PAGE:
REFERENCES



Choose an author or browse all
Choose the species or browse all
Choose a criteria for sorting
 Reverse sorting
Search for a protein
Search for a single PMID
Select O-GlcNAc references filter

Click to expand (2 results)


Zhu WZ, Palazzo T, Zhou M, Ledee D, Olson HM, Paša-Tolić L, Olson AK. First comprehensive identification of cardiac proteins with putative increased O-GlcNAc levels during pressure overload hypertrophy. PloS one 2022 17(10) 36288343
Abstract:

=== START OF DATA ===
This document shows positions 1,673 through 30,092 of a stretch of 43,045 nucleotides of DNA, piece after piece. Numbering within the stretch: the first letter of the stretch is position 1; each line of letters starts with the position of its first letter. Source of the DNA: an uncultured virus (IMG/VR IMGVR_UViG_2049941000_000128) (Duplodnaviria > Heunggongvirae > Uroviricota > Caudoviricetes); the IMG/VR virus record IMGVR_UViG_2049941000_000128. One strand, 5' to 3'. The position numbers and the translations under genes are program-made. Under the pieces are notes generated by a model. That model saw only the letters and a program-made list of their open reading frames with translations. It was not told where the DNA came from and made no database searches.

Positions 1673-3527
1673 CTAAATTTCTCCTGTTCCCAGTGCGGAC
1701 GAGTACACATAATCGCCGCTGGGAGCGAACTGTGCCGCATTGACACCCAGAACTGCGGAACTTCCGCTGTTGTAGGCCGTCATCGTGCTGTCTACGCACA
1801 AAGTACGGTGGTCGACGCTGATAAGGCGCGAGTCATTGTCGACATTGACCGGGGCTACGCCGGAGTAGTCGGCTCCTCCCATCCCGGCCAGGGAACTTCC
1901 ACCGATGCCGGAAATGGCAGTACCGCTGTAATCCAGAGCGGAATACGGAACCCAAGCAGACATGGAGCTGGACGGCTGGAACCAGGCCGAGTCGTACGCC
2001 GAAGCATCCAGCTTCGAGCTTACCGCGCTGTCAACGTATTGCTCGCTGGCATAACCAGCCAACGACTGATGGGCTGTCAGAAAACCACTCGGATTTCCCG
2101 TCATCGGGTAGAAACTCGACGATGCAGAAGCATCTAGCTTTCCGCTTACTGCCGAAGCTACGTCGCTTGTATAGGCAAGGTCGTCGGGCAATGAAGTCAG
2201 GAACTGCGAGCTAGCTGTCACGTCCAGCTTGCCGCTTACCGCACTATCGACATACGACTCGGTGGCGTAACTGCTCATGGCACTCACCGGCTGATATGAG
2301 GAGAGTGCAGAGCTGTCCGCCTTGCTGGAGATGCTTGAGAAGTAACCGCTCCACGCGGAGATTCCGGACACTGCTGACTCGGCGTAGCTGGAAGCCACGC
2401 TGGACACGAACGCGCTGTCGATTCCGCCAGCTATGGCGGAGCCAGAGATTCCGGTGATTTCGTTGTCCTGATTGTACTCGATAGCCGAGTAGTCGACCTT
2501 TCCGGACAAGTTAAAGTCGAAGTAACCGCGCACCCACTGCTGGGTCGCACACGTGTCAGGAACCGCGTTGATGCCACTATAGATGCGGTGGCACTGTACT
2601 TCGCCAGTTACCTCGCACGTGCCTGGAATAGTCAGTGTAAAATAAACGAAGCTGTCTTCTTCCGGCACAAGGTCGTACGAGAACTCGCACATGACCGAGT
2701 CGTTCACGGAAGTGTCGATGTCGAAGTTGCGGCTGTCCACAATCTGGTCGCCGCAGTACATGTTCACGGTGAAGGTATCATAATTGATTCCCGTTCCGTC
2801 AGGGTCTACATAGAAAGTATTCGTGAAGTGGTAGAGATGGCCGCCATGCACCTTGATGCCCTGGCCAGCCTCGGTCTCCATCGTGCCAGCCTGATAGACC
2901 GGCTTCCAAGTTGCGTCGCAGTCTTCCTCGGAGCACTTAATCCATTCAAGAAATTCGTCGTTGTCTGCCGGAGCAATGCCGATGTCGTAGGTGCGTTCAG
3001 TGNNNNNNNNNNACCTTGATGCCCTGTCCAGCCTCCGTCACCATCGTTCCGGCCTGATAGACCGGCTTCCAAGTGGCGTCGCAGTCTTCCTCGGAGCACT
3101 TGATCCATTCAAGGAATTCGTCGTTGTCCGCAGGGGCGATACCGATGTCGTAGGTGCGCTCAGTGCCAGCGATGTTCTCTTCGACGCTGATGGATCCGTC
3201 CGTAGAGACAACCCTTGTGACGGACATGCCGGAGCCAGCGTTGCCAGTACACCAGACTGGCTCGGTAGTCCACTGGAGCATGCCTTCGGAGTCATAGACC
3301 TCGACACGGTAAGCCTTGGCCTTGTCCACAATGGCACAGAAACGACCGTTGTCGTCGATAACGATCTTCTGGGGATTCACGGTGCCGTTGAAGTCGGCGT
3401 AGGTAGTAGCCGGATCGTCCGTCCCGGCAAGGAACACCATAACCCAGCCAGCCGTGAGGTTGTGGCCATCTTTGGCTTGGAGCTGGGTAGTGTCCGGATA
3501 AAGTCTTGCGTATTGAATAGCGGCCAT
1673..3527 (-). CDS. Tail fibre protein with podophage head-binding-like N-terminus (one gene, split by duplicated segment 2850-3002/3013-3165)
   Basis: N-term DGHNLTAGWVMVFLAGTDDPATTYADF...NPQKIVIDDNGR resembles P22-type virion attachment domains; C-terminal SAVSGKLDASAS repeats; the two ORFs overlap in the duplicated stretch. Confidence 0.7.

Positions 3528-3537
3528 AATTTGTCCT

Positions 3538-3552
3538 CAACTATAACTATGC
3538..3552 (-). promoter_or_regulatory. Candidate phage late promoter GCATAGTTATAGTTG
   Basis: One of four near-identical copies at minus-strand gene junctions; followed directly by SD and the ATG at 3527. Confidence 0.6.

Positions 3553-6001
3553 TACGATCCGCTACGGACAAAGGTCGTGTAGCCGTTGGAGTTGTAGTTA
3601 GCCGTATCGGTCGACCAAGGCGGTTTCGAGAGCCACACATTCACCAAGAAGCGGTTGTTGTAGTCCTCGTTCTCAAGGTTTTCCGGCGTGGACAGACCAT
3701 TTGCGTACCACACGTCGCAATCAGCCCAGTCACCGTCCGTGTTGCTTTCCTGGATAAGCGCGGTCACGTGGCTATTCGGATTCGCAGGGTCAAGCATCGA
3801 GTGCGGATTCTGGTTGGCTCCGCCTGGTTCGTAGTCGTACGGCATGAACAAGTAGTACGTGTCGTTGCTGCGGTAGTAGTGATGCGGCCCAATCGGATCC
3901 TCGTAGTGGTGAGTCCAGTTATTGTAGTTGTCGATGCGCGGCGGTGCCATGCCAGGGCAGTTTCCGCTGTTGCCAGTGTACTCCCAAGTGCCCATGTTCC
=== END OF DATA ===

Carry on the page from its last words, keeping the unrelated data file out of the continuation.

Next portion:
Protein posttranslational modifications (PTMs) by O-GlcNAc globally rise during pressure-overload hypertrophy (POH). However, a major knowledge gap exists on the specific proteins undergoing changes in O-GlcNAc levels during POH primarily because this PTM is low abundance and easily lost during standard mass spectrometry (MS) conditions used for protein identification. Methodologies have emerged to enrich samples for O-GlcNAcylated proteins prior to MS analysis. Accordingly, our goal was to identify the specific proteins undergoing changes in O-GlcNAc levels during POH. We used C57/Bl6 mice subjected to Sham or transverse aortic constriction (TAC) to create POH. From the hearts, we labelled the O-GlcNAc moiety with tetramethylrhodamine azide (TAMRA) before sample enrichment by TAMRA immunoprecipitation (IP). We used LC-MS/MS to identify and quantify the captured putative O-GlcNAcylated proteins. We identified a total of 700 putative O-GlcNAcylated proteins in Sham and POH. Two hundred thirty-three of these proteins had significantly increased enrichment in POH over Sham suggesting higher O-GlcNAc levels whereas no proteins were significantly decreased by POH. We examined two MS identified metabolic enzymes, CPT1B and the PDH complex, to validate by immunoprecipitation. We corroborated increased O-GlcNAc levels during POH for CPT1B and the PDH complex. Enzyme activity assays suggests higher O-GlcNAcylation increases CPT1 activity and decreases PDH activity during POH. In summary, we generated the first comprehensive list of proteins with putative changes in O-GlcNAc levels during POH. Our results demonstrate the large number of potential proteins and cellular processes affected by O-GlcNAc and serve as a guide for testing specific O-GlcNAc-regulated mechanisms during POH.